Revenue-management tools can be used by restaurant managers to analyze the effects of process-control changes. A dinner house seeking to shift demand and to achieve greater facility utilization during busy times analyzed the factors that caused delays in the service process—and thus increased the guest queue. Although the restaurant was able to hasten the actual dining time, much of the slack was found in the processes that occurred before and after the actual dining period. Moreover, the restaurant managers were able to analyze customer-arrival and market-mix data in relation to the restaurant’s table mix. Seat occupancy was improved by matching the table arrangement to the customer mix, and table turns were increased by improving the kitchen operations so that front-of-the-house functions could be tightened up. In particular, end-of-meal steps were speeded up. As a result of its process improvements, the restaurant enjoyed revenue growth greater than that of comparable restaurants.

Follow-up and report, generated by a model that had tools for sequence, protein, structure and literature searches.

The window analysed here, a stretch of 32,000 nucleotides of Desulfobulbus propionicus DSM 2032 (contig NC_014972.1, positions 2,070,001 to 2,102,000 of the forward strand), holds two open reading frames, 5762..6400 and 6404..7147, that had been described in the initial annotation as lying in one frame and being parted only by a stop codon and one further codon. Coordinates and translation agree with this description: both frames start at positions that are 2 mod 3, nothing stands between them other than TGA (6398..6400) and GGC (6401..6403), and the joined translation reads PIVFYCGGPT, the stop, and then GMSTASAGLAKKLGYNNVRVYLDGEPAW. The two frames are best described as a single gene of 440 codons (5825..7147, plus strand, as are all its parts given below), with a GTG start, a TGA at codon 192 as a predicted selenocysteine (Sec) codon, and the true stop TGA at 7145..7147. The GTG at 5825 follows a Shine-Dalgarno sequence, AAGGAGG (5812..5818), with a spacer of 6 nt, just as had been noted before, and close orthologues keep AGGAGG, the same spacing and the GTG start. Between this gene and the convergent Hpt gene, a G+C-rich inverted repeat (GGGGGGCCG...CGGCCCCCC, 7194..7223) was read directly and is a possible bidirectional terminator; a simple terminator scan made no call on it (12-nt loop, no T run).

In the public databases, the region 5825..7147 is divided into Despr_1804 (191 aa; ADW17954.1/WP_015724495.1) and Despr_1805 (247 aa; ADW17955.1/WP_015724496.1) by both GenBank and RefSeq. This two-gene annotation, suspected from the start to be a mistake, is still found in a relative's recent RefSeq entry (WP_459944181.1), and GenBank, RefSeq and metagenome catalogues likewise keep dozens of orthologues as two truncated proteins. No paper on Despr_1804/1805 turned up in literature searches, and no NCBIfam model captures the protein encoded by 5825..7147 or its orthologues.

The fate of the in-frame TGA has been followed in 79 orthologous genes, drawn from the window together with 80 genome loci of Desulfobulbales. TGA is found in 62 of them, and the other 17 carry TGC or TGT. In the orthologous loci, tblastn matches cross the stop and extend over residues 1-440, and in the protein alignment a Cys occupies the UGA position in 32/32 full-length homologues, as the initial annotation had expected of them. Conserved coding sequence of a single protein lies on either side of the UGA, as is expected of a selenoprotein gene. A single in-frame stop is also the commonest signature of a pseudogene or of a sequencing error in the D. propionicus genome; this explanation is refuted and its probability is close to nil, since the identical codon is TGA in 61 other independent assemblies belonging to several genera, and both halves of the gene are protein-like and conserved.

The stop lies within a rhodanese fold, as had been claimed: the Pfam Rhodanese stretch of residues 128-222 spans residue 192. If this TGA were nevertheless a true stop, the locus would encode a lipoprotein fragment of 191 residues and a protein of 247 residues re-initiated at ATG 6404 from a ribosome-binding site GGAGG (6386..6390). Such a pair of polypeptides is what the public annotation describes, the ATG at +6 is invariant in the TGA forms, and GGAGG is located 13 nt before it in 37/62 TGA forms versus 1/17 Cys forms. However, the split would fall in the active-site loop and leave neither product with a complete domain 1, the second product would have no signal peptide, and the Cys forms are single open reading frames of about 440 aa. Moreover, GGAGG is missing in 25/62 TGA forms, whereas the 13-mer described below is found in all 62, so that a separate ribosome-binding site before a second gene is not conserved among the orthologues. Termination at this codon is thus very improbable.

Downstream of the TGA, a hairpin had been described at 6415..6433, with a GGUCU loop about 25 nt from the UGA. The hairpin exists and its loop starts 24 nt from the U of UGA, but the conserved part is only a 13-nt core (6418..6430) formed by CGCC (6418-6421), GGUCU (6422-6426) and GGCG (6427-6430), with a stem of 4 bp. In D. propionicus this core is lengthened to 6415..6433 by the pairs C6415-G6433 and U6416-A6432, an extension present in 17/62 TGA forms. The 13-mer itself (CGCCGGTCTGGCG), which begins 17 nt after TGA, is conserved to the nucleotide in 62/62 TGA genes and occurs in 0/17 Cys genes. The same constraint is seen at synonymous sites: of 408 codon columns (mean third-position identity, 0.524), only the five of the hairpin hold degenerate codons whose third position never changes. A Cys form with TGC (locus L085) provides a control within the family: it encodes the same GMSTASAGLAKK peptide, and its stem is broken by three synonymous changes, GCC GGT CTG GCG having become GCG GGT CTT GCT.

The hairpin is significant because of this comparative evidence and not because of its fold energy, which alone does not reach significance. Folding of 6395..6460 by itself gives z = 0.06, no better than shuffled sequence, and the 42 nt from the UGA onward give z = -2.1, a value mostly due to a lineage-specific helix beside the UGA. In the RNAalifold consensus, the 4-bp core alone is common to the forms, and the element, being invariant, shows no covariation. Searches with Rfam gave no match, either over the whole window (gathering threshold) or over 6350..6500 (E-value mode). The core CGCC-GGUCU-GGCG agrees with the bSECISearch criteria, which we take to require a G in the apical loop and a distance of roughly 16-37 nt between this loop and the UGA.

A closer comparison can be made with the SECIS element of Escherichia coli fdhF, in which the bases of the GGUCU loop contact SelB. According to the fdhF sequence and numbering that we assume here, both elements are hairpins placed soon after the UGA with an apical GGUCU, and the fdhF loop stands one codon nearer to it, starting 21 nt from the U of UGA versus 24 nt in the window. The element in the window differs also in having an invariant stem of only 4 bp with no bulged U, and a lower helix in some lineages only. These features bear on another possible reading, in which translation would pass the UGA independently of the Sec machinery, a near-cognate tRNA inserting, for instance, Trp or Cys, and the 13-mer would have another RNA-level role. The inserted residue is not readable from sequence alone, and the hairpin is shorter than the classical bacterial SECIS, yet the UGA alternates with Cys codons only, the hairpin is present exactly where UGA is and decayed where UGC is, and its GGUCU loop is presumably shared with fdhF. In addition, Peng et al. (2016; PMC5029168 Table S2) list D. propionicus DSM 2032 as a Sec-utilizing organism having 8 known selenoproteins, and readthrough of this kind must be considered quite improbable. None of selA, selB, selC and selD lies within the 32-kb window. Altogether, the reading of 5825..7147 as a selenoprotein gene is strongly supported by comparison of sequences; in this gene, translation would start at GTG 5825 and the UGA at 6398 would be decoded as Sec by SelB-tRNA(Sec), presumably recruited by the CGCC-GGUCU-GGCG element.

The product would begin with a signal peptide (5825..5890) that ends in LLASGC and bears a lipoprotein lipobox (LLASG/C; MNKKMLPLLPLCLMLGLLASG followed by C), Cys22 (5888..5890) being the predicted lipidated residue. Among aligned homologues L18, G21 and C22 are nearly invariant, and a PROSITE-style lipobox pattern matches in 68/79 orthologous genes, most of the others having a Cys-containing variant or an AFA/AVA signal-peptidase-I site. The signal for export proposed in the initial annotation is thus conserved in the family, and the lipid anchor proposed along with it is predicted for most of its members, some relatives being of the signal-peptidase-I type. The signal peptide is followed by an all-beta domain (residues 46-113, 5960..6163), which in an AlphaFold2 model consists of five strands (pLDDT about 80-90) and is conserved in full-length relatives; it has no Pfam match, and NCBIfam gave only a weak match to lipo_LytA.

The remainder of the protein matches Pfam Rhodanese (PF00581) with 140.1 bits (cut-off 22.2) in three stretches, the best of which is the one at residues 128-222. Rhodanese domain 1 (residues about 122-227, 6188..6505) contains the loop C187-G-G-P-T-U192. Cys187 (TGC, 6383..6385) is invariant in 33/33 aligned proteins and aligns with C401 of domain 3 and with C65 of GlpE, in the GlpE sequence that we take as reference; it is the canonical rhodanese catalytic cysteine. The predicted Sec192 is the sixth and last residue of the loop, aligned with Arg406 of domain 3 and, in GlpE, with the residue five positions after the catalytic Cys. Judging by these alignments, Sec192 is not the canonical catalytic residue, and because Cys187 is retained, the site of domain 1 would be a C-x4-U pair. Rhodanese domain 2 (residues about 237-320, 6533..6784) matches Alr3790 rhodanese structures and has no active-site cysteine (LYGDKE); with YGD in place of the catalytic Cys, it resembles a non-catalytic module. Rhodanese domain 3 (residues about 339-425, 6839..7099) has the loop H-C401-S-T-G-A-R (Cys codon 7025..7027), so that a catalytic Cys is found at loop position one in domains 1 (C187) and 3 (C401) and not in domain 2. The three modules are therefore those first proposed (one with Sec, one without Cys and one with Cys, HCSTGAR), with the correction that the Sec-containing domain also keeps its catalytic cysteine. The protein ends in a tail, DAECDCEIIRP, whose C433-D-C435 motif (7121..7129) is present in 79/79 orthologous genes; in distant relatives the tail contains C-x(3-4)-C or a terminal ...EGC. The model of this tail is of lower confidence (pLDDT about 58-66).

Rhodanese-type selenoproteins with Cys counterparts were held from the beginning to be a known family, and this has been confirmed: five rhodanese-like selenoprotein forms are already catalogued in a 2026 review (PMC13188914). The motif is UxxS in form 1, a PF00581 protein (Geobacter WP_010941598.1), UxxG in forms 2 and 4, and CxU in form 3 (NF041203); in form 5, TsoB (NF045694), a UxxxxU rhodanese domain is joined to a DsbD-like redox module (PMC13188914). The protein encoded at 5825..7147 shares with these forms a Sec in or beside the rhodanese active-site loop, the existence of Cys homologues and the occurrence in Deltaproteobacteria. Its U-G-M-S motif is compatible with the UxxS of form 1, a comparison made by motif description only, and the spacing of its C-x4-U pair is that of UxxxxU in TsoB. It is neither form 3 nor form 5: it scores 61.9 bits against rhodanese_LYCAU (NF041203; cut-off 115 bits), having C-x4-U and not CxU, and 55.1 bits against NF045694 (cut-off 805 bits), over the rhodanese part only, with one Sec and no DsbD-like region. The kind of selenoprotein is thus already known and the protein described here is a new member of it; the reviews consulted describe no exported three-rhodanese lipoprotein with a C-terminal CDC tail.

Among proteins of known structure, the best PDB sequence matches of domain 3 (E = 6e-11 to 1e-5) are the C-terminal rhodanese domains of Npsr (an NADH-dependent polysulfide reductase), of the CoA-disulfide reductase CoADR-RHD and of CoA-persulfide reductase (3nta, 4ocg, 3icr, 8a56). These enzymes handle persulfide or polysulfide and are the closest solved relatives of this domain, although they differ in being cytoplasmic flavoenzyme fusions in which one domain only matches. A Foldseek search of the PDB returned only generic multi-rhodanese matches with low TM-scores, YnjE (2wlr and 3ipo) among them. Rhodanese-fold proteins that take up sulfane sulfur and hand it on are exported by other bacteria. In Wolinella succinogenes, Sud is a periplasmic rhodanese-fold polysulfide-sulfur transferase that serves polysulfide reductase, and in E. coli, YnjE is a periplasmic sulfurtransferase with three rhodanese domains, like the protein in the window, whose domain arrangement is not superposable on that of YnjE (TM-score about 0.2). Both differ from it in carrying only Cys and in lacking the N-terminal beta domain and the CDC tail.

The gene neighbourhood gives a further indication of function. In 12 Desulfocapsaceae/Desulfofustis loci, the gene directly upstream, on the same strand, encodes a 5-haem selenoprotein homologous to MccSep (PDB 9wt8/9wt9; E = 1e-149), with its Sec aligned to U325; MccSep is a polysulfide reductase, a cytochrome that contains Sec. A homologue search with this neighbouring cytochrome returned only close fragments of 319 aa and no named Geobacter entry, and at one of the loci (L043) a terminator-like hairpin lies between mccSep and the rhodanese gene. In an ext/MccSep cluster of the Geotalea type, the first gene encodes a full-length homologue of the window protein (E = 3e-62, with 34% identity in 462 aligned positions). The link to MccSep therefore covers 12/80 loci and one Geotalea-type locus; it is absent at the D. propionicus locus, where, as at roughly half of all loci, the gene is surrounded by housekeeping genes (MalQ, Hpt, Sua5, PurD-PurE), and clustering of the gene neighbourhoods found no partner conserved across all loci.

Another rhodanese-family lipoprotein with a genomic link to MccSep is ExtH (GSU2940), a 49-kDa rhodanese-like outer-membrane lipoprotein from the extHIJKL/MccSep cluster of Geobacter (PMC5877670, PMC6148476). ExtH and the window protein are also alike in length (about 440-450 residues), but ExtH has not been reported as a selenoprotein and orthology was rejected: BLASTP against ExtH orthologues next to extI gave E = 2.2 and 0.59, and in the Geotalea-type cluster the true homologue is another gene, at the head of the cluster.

Kimes, S. E. (2004). Restaurant revenue management: Implementation at Chevys Arrowhead [Electronic version]. Cornell Hotel and Restaurant Administration Quarterly, 45(1), 52-67. Retrieved [insert date], from Cornell University, School of Hospitality Administration site: http://scholarship.sha.cornell.edu/articles/413/